For Father’s Day, the dad in my funny Alaska family asked for a comfort food Sunday Supper. It’s been cold and rainy and gross in Juneau all weekend, so meatloaf is just the ticket for tonight’s dinner.
As you know, I am freaked out by the idea of mainstream cattle being fed chicken litter. So, this meatloaf is made with 100% organic, vegetarian fed, free range beef. The recipe is a remembered version of my mother’s recipe (meatloaf was the very first thing I learned how to cook after PB&J).
3 lbs organic ground beef
2 eggs, beaten
1/2 cup of 2% milk
2 pieces of wheat bread, torn into small pieces
1-2 tbs olive oil
1 cup green bell pepper, chopped finely
2 cups chopped onion
1 tbs minced garlic
2 tbs Worcestershire Sauce
1 cup Heinz organic ketchup, divided in half
How I made it:
Preheat the oven to 350 degrees. Spray a large casserole dish with organic cooking spray or line it with non-stick foil. This recipe makes a big meatloaf — 8+ servings — so choose a large dish.
Beat the egg and milk together in a shallow bowl. Add the bread and press down into the liquid so it soaks it up, then set it aside.
In a nonstick skillet over medium-high heat, heat the olive oil. Saute the onion, bell pepper, and garlic until soft. Remove from the heat and set aside to cool a little.
In a large mixing bowl, combine the ground beef, the egg-milk-bread mixture, the Worcestershire sauce, and 1/2 of the ketchup. (As much as I hate to admit it, this works best if you use your hands — despite the ookey feel of cold ground beef.) When that’s combined, add the onion-pepper-garlic mixture and combine well.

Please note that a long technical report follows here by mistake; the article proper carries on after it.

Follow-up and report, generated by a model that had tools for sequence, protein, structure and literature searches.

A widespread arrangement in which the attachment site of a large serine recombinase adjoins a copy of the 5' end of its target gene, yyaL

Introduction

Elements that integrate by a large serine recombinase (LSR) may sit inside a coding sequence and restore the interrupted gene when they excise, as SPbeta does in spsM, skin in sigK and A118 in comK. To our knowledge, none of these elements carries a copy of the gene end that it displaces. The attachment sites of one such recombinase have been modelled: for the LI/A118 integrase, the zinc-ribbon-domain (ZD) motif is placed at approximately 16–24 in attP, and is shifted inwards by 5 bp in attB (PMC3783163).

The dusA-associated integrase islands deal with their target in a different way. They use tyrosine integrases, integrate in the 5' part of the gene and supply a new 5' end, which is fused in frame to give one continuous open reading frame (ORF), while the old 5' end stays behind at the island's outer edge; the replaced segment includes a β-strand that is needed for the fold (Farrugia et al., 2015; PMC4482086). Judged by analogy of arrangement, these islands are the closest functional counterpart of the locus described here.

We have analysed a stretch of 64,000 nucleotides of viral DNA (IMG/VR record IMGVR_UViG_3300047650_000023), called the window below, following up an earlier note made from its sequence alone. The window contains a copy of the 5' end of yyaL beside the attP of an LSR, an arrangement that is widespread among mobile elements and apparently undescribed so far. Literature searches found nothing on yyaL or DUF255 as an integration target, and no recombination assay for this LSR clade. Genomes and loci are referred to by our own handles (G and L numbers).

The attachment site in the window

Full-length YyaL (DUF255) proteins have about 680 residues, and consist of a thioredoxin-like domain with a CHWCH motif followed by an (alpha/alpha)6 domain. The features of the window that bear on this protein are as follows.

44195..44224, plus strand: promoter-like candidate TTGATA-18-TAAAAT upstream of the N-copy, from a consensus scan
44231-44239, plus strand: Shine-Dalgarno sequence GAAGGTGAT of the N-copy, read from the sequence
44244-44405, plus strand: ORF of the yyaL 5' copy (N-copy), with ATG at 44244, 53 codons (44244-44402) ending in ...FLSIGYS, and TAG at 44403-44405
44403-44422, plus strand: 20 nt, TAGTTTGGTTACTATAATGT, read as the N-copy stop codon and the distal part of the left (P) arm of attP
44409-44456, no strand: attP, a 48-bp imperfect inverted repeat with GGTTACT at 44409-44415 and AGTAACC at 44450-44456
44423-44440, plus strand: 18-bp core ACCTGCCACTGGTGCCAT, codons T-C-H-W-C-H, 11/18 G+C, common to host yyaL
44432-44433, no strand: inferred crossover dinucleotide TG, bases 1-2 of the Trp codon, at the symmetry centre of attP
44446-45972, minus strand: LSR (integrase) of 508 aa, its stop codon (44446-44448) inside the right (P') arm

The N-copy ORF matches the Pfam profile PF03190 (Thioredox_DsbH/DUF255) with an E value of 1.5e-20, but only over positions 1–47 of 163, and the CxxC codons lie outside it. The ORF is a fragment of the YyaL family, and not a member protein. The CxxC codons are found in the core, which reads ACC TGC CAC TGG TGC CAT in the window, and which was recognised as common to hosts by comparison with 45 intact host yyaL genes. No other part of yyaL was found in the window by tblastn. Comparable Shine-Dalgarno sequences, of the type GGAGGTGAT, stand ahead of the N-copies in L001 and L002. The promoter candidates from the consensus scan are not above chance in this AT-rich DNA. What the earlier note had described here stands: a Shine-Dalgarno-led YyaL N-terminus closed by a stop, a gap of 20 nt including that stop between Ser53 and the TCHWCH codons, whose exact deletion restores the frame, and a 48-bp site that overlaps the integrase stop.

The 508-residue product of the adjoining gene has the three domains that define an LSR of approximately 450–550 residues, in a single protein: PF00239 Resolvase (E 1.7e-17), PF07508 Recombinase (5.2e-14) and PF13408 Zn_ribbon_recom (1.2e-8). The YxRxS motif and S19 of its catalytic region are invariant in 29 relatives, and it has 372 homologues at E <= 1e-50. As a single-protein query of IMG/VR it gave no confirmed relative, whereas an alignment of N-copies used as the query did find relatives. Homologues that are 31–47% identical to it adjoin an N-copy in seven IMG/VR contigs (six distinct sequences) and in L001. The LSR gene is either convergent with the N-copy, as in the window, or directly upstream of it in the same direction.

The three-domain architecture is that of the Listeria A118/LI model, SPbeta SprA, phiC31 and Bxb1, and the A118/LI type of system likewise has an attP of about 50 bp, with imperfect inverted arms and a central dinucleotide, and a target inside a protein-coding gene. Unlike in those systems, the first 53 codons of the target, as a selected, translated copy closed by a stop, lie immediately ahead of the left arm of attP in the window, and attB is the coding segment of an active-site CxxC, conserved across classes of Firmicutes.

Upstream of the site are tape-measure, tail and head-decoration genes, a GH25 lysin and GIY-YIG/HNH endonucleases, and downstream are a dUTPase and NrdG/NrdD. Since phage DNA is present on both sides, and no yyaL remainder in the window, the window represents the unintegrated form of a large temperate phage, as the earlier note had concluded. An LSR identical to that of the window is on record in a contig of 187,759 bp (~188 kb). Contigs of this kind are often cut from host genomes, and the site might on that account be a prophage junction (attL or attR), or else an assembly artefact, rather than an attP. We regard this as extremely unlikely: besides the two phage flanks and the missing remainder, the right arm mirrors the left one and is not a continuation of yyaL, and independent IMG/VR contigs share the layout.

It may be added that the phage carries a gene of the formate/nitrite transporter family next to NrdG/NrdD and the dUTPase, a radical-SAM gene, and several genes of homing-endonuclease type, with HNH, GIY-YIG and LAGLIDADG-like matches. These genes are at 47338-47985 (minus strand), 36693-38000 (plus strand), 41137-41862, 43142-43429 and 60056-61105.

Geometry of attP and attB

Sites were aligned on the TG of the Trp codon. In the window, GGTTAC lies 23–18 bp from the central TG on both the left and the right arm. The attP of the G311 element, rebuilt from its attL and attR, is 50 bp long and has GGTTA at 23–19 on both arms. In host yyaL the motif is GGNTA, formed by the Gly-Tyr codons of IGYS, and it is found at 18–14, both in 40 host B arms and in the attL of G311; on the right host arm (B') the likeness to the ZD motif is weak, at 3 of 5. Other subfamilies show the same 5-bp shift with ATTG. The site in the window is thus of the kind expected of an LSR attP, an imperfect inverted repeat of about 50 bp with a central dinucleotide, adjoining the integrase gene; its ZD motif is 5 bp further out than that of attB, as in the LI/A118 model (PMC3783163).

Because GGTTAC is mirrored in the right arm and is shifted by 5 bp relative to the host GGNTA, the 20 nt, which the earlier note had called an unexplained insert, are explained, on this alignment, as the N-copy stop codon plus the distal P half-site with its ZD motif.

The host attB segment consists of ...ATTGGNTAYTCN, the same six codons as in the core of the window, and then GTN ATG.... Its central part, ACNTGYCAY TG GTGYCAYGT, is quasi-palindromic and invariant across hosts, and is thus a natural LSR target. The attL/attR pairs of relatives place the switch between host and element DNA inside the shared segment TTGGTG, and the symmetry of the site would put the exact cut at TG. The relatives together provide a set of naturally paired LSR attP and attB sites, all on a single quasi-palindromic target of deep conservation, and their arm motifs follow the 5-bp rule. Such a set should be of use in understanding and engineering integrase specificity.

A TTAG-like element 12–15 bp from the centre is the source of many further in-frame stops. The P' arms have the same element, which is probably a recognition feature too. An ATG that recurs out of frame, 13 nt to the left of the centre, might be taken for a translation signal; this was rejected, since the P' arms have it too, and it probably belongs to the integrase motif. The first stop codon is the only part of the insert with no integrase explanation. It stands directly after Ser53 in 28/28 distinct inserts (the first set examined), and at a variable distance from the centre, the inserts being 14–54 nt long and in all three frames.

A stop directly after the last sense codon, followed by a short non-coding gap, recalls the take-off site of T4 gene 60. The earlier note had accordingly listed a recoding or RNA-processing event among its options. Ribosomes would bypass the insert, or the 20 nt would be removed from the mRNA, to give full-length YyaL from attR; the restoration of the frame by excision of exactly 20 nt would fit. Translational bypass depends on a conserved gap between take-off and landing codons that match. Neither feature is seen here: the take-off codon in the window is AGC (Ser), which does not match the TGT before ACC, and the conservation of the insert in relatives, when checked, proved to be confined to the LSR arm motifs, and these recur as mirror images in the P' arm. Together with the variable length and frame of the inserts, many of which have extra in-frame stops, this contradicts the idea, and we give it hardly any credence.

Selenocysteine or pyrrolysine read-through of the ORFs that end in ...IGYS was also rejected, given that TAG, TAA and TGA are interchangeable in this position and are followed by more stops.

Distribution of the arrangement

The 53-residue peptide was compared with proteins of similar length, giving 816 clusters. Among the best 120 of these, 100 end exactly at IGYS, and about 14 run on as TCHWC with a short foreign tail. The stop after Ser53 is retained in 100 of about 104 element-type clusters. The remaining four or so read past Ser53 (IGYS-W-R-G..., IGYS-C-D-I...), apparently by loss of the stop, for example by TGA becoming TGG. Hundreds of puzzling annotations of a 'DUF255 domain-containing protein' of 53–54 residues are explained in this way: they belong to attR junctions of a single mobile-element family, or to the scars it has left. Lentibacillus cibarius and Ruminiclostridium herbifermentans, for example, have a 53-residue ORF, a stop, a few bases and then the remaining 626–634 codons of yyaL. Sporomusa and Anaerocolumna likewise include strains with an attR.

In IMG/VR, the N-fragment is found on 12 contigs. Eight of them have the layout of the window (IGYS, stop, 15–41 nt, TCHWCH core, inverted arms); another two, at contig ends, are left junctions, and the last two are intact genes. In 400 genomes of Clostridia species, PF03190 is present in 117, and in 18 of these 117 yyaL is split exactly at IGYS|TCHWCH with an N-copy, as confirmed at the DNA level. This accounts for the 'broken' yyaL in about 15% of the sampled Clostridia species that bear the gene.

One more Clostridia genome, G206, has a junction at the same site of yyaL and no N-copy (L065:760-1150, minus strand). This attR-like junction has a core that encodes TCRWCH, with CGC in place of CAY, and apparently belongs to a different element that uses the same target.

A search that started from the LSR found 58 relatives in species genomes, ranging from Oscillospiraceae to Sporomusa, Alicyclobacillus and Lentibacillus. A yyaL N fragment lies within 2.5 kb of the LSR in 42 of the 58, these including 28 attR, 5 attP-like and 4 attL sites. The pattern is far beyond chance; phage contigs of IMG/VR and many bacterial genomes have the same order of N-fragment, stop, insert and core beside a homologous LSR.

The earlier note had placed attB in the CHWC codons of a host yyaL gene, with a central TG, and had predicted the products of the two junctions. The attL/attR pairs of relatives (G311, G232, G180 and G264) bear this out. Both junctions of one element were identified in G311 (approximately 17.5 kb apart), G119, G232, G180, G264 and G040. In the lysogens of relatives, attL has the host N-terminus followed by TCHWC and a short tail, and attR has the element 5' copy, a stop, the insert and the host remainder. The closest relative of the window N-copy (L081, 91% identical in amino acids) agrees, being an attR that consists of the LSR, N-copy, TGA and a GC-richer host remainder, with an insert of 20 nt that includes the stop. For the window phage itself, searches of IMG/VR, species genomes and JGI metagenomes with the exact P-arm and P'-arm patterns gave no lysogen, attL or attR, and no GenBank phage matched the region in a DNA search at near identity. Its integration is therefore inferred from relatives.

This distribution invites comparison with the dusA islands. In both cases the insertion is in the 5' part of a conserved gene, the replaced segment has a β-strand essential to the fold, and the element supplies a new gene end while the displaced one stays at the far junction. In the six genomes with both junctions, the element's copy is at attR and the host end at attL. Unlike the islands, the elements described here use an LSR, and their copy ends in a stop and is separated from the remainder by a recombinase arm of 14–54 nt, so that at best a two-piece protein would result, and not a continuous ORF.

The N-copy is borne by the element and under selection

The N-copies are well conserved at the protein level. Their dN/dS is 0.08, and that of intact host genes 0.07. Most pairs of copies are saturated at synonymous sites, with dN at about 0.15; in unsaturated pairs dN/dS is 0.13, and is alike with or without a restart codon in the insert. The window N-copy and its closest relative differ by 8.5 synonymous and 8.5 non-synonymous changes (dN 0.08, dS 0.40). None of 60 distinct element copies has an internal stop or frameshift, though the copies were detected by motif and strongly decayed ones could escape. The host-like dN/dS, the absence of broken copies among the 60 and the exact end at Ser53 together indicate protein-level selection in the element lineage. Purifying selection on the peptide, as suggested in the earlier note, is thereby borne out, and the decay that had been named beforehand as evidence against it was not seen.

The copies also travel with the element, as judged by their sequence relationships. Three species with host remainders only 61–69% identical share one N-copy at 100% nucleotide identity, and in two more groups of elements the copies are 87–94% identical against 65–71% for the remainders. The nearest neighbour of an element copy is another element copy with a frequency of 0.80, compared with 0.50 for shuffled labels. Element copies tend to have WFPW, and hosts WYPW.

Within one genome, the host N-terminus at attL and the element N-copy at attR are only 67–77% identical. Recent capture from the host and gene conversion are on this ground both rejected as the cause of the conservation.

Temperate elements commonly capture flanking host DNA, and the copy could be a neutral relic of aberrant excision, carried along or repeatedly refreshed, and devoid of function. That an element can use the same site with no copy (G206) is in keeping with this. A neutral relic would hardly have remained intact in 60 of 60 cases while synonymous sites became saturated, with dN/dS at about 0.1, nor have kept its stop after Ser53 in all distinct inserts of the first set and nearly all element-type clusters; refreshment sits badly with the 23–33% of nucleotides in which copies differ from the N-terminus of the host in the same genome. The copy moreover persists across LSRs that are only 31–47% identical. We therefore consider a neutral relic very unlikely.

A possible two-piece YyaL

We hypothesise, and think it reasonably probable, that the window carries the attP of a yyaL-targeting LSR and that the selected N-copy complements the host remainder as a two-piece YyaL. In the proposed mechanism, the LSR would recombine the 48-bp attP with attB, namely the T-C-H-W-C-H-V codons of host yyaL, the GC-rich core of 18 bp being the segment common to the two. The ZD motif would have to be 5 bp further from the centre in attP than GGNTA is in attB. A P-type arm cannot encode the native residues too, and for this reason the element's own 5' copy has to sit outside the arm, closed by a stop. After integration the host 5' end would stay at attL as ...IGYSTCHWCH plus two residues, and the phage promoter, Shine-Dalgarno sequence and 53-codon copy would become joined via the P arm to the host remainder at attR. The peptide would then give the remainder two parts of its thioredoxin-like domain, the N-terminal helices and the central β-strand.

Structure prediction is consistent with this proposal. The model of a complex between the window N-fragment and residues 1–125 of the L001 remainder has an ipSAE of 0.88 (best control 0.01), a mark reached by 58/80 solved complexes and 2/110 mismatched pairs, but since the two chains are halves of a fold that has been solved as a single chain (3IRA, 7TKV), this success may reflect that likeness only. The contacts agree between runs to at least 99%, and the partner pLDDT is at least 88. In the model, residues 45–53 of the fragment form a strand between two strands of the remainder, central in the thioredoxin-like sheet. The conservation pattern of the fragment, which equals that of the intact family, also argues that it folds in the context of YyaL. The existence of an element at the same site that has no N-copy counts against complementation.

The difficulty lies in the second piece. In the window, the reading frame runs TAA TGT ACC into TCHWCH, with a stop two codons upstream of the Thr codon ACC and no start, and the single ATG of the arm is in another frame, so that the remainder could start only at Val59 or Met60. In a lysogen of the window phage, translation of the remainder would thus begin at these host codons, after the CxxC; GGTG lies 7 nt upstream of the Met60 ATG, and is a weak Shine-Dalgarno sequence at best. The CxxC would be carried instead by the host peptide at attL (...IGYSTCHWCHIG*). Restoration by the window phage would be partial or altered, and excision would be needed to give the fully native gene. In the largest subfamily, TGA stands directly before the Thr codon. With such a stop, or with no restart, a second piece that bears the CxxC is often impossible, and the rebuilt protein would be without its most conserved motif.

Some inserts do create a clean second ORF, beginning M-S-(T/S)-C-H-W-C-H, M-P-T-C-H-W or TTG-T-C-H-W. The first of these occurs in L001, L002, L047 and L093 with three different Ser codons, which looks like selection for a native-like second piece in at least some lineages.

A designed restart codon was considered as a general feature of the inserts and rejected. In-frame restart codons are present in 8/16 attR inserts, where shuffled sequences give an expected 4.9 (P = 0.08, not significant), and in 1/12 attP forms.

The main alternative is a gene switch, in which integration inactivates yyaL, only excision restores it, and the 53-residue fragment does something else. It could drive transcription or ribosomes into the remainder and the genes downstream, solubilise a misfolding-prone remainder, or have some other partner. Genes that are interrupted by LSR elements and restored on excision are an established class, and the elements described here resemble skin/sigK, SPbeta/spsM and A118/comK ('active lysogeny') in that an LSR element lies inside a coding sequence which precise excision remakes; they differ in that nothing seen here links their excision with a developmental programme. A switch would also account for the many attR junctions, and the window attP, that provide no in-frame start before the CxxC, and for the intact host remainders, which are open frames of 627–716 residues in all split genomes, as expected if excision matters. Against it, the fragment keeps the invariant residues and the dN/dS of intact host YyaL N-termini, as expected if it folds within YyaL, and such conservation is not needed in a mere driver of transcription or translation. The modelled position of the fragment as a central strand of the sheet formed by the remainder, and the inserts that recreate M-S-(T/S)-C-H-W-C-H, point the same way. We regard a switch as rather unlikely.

Form the meatloaf so that it fits in your casserole dish, without touching the sides if possible. Pour the remaining ketchup on top and spread it evenly with the back of a spoon.
Cover the casserole dish loosely with foil (try not to let it touch the top of the meatloaf). You might want to put your casserole dish on a cookie sheet, as it could have quite a bit of liquid in it after it’s done (and it’s easier to take it out without making a mess if it’s on a cookie sheet).
Bake the meatloaf covered for an hour. Uncover, and continue baking for 15-20 minutes, watching to prevent it from drying out or burning (you can always add a little more ketchup if you need to). It’s done when the middle reaches 170 degrees according to a meat thermometer.
How it turned out:
Perfect! Moist, flavorful, and filling. It paired well with macaroni and cheese (tomorrow’s post), and will make awesome meatloaf sandwiches tomorrow.